What sales tax changes in 2019 will mean for e‑commerce

Stephanie Neusser
March 1, 2019

Reposted from Sana Commerce partner, Avalara

2018 was a big year for sales tax changes. Sales tax wonks will remember 2018 as the year the Supreme Court of the United States overruled the physical presence rule that for decades kept states from taxing remote sales. The court’s decision in South Dakota v. Wayfair, Inc. (June 21, 2018) allows states to require a remote seller with “economic and virtual contacts” in the state (economic nexus) to collect and remit sales tax, even if it has no physical presence in the state.

This is a major disruptor for e-commerce, but it will take months if not years for the full ramifications of the decision to play out.

This can only mean one thing: 2019 will be just as impacted, if not even more subject to change, and the effect on e-commerce will be long-lasting.

A look at existing (and expected) fallout from Wayfair

As of the end of 2018, more than 30 states and Washington, D.C. have adopted economic nexus policies, including two giants, California and Texas. Fallout from the Wayfair decision is sure to continue in 2019.

Several states have already filed economic nexus legislation for consideration in 2019, including Arkansas, Missouri, and Virginia. Meanwhile, sales tax simplification measures are under consideration in Texas because the Lone Star State has more than 1,500 local taxing jurisdictions.

Although the Wayfair case was triggered by an economic nexus law, the decision doesn’t prevent states from pursuing remote sales tax revenue via different routes; all it does is put an end to the physical presence rule. Thus, states could pursue a variety of remote seller sales tax laws in 2019, including affiliate nexus, click-through nexus, or cookie or software nexus.

Furthermore, more states will likely require marketplace facilitators to collect and remit sales tax on behalf of their third-party sellers. What will this mean for businesses that sell through multiple channels? There’s a good chance we’ll find out this year.

An act of Congress?

Will the rapid growth of economic nexus and other remote seller sales tax laws inspire Congress to take up the issue? Perhaps. It could never agree to expand state tax authority to remote sales, but it might come together to limit it. And a handful of bills seeking to do just that have already been introduced.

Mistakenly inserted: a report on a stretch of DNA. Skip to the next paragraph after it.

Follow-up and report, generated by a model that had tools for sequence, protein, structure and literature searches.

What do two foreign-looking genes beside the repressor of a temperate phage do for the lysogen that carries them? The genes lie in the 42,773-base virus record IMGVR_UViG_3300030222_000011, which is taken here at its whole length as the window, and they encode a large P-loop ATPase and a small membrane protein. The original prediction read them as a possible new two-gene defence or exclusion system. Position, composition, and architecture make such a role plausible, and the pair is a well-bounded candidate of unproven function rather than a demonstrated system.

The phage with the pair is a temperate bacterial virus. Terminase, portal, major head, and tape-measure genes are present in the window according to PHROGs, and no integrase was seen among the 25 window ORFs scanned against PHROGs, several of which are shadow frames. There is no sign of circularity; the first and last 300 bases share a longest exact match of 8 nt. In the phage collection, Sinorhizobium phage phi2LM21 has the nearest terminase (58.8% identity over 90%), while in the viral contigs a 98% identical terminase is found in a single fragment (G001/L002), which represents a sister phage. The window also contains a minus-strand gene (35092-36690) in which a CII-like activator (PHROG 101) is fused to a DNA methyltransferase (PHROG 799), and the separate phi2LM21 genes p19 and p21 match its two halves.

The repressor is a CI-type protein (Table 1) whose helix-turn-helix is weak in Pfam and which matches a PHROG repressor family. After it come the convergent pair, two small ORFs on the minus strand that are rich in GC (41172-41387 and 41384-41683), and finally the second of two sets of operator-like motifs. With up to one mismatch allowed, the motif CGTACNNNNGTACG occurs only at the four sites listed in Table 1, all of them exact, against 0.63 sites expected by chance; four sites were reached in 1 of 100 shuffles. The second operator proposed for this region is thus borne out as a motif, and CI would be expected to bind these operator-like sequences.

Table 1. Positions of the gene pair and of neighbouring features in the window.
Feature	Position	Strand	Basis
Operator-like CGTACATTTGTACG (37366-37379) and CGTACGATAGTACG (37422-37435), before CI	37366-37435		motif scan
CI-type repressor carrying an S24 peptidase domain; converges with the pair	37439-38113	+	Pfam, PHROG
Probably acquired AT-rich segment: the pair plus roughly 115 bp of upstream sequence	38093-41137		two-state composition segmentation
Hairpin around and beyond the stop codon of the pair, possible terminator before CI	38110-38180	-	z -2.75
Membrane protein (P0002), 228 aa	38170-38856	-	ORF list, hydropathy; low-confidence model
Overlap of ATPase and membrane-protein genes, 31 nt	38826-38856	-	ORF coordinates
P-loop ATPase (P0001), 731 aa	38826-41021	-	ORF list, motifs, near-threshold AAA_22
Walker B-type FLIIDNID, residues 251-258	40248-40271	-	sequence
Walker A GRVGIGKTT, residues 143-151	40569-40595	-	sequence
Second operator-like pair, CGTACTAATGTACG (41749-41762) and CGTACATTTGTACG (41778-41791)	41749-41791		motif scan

There’s more to sales tax than remote sales

States’ newfound freedom to tax remote sales isn’t the only sales tax news making headlines. Expect to see the following in 2019:

  • More states apply economic nexus to other taxes. Texas is already looking at how economic nexus affects franchise tax. Expect other states to move in that direction.
  • More taxes on streaming services. As more people stream their entertainment, more states will look to tax those services.
  • More taxes on sins. Some states will change the way they tax products like alcohol and tobacco; others could start to tax newly legal products such as marijuana.
  • More product taxability changes. In 2019, more states may exempt certain products like tampons because they’re essential. Others may subject products like soda to a higher rate because they pose a health risk. And some states may exempt newish products and services simply because they’ve never been taxed before.
  • Rate changes: There are sure to be many.

What are the short-term implications for e-commerce?

Sales tax changes can change as frequently as month-to-month. For small and mid-sized businesses whose influx of revenue surpasses the laws’ threshold, just trying to keep up with the changes might stretch your resources thin. What’s even more daunting is that by 2020, it’s predicted that all 50 states will have remote taxation laws in place.

According to Avalara’s VP of U.S. Tax Policy and Government Relations, Scott Peterson, “many small and independent online retailers are now investing in software and services to help them comply with more than 10,000 taxing jurisdictions across the country. The cost of compliance will vary from company to company and depend on how many transactions they have and what services they need from software providers.”

This means it’s more critical than ever to choose an e-commerce software provider, like Sana Commerce, who can take some of the weight of these changes off your business by enabling compliance and making your web store maintenance simple enough that you can free up some resources to stay on top of these sales tax changes.

Want more tips and insights to help your business prepare?Check out our factsheet for more on how you can leverage your ERP to mitigate the risk sales tax changes may pose to your web store, and download Avalara’s 2019 Sales Tax Changes Guide for a detailed overview of how best to manage and stay ahead of sales tax changes this year.

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